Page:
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Winston Churchill and the bombing of Dresden

INF 13/213; Churchill

In February 1945, the last year of World War 2, Britain sent 300 Lancaster bombers to attack the crowded German city of Dresden. This attack was not the precision bombing of specific military targets. It was deliberate bombing of a whole area. The bombs destroyed city buildings and started tremendous fires.

Before long, eleven square miles of Dresden were consumed by a firestorm. The vacuum caused by the rapid rise of hot air created tornadoes that tossed furniture, trees and debris into the air. People were caught in fires as hot as 1000 °C. The city was devastated. No one knows how many thousands died.

The German armies were in retreat at this time and the war was nearly over. Some historians have argued that this attack was not justifiable on military grounds, that it was nothing more than a slaughter of civilians. But others say it helped to shorten the war in Europe.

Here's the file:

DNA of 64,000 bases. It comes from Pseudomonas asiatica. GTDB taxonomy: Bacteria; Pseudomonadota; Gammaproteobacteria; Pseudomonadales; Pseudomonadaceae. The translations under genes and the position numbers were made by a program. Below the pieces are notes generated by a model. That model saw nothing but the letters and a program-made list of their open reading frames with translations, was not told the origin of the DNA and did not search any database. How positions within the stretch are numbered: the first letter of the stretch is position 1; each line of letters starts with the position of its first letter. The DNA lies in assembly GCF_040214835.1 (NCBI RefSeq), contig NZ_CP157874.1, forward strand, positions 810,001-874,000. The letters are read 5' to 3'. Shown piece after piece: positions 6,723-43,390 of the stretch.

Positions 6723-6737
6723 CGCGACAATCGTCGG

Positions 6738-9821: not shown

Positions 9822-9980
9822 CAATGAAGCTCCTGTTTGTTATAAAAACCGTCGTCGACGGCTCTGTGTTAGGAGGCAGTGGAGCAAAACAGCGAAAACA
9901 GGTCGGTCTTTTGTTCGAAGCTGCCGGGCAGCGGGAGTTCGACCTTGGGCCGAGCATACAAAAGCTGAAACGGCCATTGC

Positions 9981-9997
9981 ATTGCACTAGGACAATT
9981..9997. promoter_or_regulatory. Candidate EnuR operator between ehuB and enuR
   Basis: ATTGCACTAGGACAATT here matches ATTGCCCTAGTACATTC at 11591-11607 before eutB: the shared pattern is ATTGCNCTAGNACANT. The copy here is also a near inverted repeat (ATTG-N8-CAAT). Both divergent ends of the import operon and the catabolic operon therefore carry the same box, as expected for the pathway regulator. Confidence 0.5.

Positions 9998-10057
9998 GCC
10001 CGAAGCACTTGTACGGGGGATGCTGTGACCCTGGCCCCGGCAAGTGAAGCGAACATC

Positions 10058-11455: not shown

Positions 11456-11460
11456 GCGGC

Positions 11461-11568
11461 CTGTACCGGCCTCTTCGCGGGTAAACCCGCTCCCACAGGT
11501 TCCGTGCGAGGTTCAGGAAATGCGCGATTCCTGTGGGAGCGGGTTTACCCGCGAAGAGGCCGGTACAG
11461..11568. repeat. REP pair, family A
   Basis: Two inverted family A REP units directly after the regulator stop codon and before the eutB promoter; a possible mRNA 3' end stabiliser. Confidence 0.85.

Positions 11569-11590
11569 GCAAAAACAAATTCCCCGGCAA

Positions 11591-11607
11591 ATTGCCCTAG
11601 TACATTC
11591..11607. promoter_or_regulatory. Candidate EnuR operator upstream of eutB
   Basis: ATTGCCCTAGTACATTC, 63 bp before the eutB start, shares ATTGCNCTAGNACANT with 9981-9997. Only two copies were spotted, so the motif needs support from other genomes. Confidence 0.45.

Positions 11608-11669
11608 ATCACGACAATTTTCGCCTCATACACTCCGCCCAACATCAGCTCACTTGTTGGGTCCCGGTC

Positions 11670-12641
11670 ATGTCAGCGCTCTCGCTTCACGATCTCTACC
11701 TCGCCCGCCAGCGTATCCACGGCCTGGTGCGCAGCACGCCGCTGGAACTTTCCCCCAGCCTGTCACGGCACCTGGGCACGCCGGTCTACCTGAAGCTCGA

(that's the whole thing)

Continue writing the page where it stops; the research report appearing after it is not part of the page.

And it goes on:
Ultimate responsibility for this attack lay with the British Prime Minister, Winston Churchill. Was the bombing of Dresden a justifiable act during wartime? How closely was Winston Churchill involved in the decision to attack the city? Does this cast a shadow upon Churchill's reputation as the heroic icon of twentieth century British history?

Find out more from the original sources in these case studies:
1. Why target Dresden?

2. What did the bombing of Dresden achieve?

3. Was Churchill responsible?